Suppose I offer you a bet on the toss of a (non-rigged) coin. If you win you get £100, if I win you give me £1. Would you take the bet? Of course you would.

So let's (virtually) toss the coin… it flies in the air, you call tails, it lands, rolls a bit and there's the Queen's head glinting up at you. You've lost. Does that make it a bad bet?

The upside of winning was huge, the downside of losing tiny. Therefore betting was a good decision based on the information available – it was the outcome that was bad.

In the less binary, real world, people tend to beat themselves up wrongly believing they made a 'bad decision' even though they actually made the right call at the time.

This sort of smog-tinted hindsight can be dangerous as it conditions you to become unnecessarily risk averse, which skews future decision-making – it's called snake-bite bias.

A real-life example is those who fixed their mortgages in the months just before interest rates started their rapid plummet. If the reason for fixing was to lock in for the peace of mind of a set rate rather than risk market variance, it was a good decision, just a bad outcome.

Many will say "they should've seen it coming", but that's prescience after the fact. There was no, nor is there ever, way to truly know what would happen.

These crystal-ball-needed decisions are unavoidable throughout life – should I take a lump sum or extra income on my deferred pension? Is going to university worth it? Is that the right house to buy? Even, will I be happy if I marry him/her? 

The key to making good decisions is to understand the difference between a good outcome and a good decision.

Martin Lewis
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How to avoid poor decisions

It's a better person than me who can hand on heart say they always cope with the uncertainty that life throws at them. We crave for certainty even where it can't exist.

This is just one of many emotional biases that can hit good decision-making. The growing field of behavioural finance is dedicated to assessing these, often at the rarefied levels of high-end city investment banks.

Firms like Essentia Analytics build software to identify inappropriate biases. These include…

  • Projection bias – where we assume our future selves will be in a similar position to where we are now (one of the reasons many under-save in pensions) 
  • Recency bias – where people give far more weight to recent events than older ones
  • Regret aversion – where the fear of getting it wrong blinds us to taking even appropriate risks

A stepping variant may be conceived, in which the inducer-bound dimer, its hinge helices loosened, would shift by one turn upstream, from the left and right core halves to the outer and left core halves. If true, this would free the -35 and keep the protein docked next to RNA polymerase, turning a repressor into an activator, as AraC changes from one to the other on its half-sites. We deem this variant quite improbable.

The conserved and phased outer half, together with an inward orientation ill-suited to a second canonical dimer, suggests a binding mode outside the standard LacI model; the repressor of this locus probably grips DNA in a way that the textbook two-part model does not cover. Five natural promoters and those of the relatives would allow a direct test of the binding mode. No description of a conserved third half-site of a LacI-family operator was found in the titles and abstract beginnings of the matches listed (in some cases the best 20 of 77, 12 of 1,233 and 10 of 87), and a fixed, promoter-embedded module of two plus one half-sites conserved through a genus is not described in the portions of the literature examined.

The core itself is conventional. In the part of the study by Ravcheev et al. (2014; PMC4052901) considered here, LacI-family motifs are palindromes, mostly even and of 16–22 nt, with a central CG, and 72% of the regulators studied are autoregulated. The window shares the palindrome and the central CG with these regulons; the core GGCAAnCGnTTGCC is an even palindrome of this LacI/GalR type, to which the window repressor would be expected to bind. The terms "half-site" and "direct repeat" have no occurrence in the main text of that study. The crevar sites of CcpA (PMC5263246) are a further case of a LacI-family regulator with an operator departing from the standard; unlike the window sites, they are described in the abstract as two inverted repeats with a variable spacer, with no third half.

Those of us without the protective mechanisms of industrial finance need to formulate our own methods and structures to ensure we at least do our best to make the right decisions. That's why it's crucial that financial education has finally started on the English National Curriculum, teachers at least touch upon this kind of soft skill decision-making – such as "when it's right or wrong to borrow".

A decision-making checklist.

Of course, the most important starting point is to ensure you understand the product, rules or subject you're dealing with, but even after that, these can help…

  • Establish the product particulars. Find the current prices and always check whether you're locked into the decision once it's made.
  • Explore best and worst case scenarios. Play these scenarios out against your own finances to personalise the outcome. Think carefully about your attitude to risk – what's more important? The opportunity to do well, or to avoid the risk of doing badly.
  • Know yourself. If you need to be active to make a deal work, such as a short-term savings account with a bonus rate that you'll need to shift again in a year – question whether you'll actually do that. Not based on your financial fervour during the heat of sorting out your money, but looking back at your behaviour history – we tend to be creatures of habit.
  • Are you being clinical? It's easy to lust for something better, eg, to ignore the fact the house is a little beyond your reach because you love it. This bias makes poor decisions (even though that can still occasionally lead to a good outcome).

How these 'should I's' work in practice

Of course, a theoretical list is fine, but it's important to put some practical steps into it.

  • Should I… fix my energy tariff?

    A far easier decision than it used to be, as currently all the market's cheapest deals are fixed and many have no early exit lock-in penalties so you can cut costs, get a guarantee of no price hikes, and are still free to leave if others' prices drop.